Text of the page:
In Kenya’s refugee camps, hygiene promotion aims to prevent disease by changing behaviour
By Manuel Moreno
It is early morning amidst the shelters of Hagadera refugee camp in north-eastern Kenya, and Mohamed Shorie, 22, is already at work promoting the benefits of hygiene. Surrounded by three families from Block B 0C, in what seems just a matter of seconds, at least 20 more people arrive, most of them women and children, curious to hear what he has to say.
Assisted by one boy from the community, Mohamed demonstrates the importance of good hygiene practices, in particular washing hands with soap after going to the toilet, and before eating or preparing food.
‘Bit by bit’
There are a total of 73 local health promoters like Mohamed working with UNICEF’s partner CARE International, spread out among the three camps forming Dadaab: Hagadera, Ifo and Dagahaley.
In Hagadera there are 126 blocks where more than 125,000 refugees have registered to live. Mohamed is one of them. He resides with his mother, father, three brothers and two sisters in Block A3. They were amongst the first Somali families to arrive during the 1991 Somalia civil war.
He cannot recall how many families he has reached so far in his two years as a health promoter, but he reaches an average of 12 houses a day. Despite the demand for his help, he is aware of the importance of spending time with the families and to follow up periodically to make the message more effective.
“We go bit by bit, bit by bit… You see?” he said with enthusiasm. “It is like in the school, you have primary and then secondary school, you do not learn everything at once and of course you do not change your behaviour overnight.”
Reaching the most vulnerable
One of the refugees benefiting from these activities is Ayan Abdurrahman, 26. Mother to one girl and one boy - six and five-years-old respectively - she arrived here four months ago from Mogadishu, fleeing the war in a five-car convoy.
“We have been reached (by health promoters) more than three times already and we tried to follow their advice,” explained Ayan. “It (hygiene) is a good message because it means we are developing ourselves.”After three dangerous weeks on the road, Ayan received a refugee identification card which allows her to receive food twice a month, as well as cooking items, blankets and sanitation products.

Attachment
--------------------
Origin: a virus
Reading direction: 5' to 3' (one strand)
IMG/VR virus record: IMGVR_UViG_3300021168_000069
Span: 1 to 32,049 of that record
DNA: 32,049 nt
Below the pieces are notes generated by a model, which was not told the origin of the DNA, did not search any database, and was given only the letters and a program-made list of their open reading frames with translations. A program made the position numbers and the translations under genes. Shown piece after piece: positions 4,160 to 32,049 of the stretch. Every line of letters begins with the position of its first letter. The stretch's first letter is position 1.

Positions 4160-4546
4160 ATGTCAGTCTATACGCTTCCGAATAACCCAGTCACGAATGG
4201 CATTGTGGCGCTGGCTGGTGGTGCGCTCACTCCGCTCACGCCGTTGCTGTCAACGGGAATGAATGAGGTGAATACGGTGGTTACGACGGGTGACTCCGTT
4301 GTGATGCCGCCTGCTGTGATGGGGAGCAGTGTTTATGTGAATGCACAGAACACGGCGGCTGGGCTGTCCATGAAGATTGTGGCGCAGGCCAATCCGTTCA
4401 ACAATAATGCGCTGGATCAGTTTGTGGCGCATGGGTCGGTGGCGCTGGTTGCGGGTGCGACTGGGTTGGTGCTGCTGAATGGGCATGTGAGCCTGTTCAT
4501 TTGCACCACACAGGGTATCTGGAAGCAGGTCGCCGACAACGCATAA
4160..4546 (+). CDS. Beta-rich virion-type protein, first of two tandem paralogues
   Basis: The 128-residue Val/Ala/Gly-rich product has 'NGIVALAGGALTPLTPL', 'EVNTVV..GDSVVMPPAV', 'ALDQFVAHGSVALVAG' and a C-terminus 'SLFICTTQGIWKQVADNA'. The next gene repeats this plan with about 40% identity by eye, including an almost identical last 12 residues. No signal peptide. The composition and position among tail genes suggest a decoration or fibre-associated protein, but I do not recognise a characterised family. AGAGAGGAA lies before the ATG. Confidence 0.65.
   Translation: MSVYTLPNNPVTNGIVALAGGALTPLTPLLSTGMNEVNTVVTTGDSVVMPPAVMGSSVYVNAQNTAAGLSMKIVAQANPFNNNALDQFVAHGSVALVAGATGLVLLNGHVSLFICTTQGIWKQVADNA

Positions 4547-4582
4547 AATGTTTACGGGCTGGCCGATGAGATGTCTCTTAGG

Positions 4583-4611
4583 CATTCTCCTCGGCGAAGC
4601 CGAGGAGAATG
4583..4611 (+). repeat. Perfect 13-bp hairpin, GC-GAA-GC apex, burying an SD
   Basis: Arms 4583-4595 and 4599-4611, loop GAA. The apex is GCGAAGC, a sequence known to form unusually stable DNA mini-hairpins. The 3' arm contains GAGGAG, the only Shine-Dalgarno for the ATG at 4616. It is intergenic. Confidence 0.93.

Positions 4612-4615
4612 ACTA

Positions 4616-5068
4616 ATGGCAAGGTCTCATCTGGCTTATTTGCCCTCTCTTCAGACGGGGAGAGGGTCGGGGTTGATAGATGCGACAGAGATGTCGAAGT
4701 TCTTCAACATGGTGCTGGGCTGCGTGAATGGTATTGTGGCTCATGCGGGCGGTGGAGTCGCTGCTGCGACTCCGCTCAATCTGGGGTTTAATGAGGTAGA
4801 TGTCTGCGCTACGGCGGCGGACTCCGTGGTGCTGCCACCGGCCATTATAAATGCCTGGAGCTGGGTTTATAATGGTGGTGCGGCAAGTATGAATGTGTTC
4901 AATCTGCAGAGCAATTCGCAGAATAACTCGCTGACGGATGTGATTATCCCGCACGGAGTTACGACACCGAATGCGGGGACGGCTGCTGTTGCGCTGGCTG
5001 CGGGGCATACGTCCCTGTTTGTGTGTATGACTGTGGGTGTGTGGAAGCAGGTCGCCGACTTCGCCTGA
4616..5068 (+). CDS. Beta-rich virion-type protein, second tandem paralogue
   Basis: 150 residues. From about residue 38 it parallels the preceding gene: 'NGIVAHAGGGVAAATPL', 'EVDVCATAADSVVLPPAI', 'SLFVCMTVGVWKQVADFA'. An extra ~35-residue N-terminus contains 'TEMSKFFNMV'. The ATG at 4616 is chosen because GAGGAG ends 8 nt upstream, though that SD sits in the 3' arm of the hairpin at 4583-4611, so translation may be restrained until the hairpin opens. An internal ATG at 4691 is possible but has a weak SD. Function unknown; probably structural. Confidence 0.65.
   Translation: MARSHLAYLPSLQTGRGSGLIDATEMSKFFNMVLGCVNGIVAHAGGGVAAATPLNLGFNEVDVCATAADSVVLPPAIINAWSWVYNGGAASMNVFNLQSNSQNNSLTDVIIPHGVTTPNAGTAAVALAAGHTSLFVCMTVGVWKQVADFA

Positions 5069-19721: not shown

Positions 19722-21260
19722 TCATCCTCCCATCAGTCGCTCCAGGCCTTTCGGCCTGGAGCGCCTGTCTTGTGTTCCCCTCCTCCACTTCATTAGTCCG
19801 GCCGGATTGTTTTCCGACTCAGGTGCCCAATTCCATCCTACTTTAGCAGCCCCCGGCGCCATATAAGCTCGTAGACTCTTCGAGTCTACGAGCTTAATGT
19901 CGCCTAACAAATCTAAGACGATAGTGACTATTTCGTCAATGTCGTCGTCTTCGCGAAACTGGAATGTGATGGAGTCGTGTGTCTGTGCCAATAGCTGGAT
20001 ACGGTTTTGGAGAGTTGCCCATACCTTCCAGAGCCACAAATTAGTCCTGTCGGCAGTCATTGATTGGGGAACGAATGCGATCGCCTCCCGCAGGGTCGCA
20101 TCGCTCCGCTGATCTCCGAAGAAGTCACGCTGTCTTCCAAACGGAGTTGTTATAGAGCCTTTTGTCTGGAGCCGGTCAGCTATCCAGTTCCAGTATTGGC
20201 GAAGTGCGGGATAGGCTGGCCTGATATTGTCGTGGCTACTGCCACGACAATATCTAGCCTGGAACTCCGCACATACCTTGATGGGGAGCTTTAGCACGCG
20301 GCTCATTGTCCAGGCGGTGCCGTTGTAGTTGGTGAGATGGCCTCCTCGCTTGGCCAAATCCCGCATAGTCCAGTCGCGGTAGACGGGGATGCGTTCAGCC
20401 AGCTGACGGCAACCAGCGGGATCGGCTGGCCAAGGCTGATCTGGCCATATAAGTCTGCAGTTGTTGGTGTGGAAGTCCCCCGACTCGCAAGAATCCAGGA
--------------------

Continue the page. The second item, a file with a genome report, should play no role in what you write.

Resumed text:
UNICEF provides support
At an average rate of 1,300 every day, Somali refugees continue to arrive in Dadaab - 100 kilometres from the border. This has pushed the total population of Dadaab to over 400,000. In the camps’ cramped, basic conditions, disease can gain a strong foothold and spread quickly throughout the population if proper sanitation and hygiene is not practised.
In order to prevent this, UNICEF has provided 5,000 bars of soap, more than 2,150 jerry cans, 4,000 buckets with lids to keep water clean, 100,000 chlorine tablets for household water disinfection, and eight drums of chlorine powder to maintain water sources.
“This is just the initial support, the first approach, but we want to improve many areas including the training of the hygiene promoters,” explained UNICEF’s John Obisa, who leads the behaviour change effort.
In addition, UNICEF is focusing on ensuring water safety in households. “The water is already treated, but because people roll the jerry cans across the ground the chances of contamination are very high,” said Obisa. “It is a practice that the teams are discouraging and on top of that they are promoting periodic disinfecting of the jerry cans”
Among other projects UNICEF has installed water points to reach refugees walking from the border along three major routes to Dadaab, in a partnership with the Danish Refugee Council. That contribution alone has ensured that to date 20,000 litres of water have been provided for some 1,670 refugees in transit, reaching the global minimum daily requirement of 15 litres per person.
UNICEF will also support the establishment of an additional eight boreholes in the Daadab refugee camps, covering some 100,000 refugees. This combination of supplies and hygiene education could provide a vital barrier to disease as more and more people are impacted by the worsening situation in Somalia and drought-affected regions of Kenya.